Comedian and talk show host Bill Maher once characterized other people as "the problem that won't go away," and while that's a less-than-charitable assessment, anyone who's ever had a show spoiled by a friend or co-worker would say it's on the money.
Your friends/boon companions/colleagues are spoiling TV most often, according to a study commissioned by TiVo in which 63% of respondents called out that cohort. The scourge includes everything from the office drone who blurts "I can't believe they killed off Jon Snow!" at the water cooler to the meathead who reveals the final score of a ballgame you TiVo'ed for later viewing.
Perhaps because you can avoid social media more easily than you can hide from coworkers, Facebook and Twitter do far less damage. Nearly half (47%) of all respondents said they'd encountered spoilers in Facebook status updates, still a significant impact. But Twitter users come off looking pretty savvy; knowing full well that social is no place to loiter while trying to avoid spoilers, only 19% said they'd stumbled across a show-wrecker on the site.
Family members are nearly as thoughtless as your friends and colleagues; per TiVo, 43% of those who participated in the study said they'd had a plot point wrecked by an overzealous blood relative and/or spouse. This is down 1 percentage point from the 44% who said the same of family in a TiVo study a year ago -- presumably because a statistically significant number of people divorced or otherwise abandoned their spoiler-happy kin in the interim.
Meanwhile, Stranger Danger is no joke, as one-fifth of those surveyed reported that they'd overheard unbidden TV-related chitchat from total randos who just happened to be passing by. (As a child, I once saw an elderly woman fling a can of tomato paste in the direction of another old dear at a Stop & Shop, after the latter had loudly revealed who shot J.R. on "Dallas" to a stock clerk. Don't mess with Texas.)
All told, 82% of the 12,528 TiVo subs surveyed said they'd weathered at least one spoiler, despite the fact that 71% had taken steps to avoid that kind of thing. Of course, the only sure-fire preventative measure is to watch live that which you wish to remain pristine -- a solution that also works out quite nicely for the advertisers who've bought time in that particular program. After all, other than on VOD platforms, where commercial skipping is effectively impossible if networks disable fast-forwarding, live viewing offers the most ad-friendly TV environment.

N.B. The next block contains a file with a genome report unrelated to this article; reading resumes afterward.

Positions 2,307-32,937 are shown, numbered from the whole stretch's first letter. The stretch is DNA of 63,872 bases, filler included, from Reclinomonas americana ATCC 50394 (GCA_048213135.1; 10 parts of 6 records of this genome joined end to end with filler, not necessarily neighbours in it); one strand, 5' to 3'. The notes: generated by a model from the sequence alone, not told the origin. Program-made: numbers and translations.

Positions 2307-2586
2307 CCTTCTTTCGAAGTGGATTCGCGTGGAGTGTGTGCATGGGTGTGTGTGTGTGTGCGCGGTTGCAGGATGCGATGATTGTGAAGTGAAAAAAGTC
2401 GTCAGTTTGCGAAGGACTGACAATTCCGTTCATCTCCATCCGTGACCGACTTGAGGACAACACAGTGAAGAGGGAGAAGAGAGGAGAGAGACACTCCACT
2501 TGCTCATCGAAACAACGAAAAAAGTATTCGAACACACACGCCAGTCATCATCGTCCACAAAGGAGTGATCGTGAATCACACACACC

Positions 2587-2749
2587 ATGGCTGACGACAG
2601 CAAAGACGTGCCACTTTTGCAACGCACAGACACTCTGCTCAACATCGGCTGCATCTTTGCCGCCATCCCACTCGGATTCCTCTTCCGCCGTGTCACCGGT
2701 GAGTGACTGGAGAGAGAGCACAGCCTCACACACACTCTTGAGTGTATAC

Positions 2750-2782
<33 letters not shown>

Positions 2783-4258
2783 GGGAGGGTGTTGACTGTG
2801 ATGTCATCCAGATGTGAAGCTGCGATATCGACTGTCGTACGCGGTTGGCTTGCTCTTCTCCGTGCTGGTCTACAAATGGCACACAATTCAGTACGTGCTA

For all the fuss about spoilers, many of us are becoming inured to the phenomenon, or at least sick of hearing people worry about it. Thirty-five percent of TiVo's panel said people have become too sensitive about spoilers. (If someone "ruined" HBO's "The Wire" for you by blithely chatting about Omar's death, it may be you who is in the wrong. You had seven years in which to catch up. Deal with it.)
Perhaps what we need is some kind of universal sell-by date, an interval after which a given plot twist can no longer be considered spoilable. Make it 10 days, two weeks tops, between the live air date and when you may no longer throw a fit if a co-worker emotes over the death of McDreamy or gets all misty about Don Draper's hippy-dippy sugar water epiphany. And for series finales? Three days, max.
If nothing else, at least one factoid from the TiVo study suggests that 21st century media consumers haven't completely devolved into savages. Only 3% of those surveyed said they'd deliberately spoiled a show for someone else … which translates into only about 370 people who should be sent off to purgatory, like the cast of "Lost."
Oops. Spoiler alert.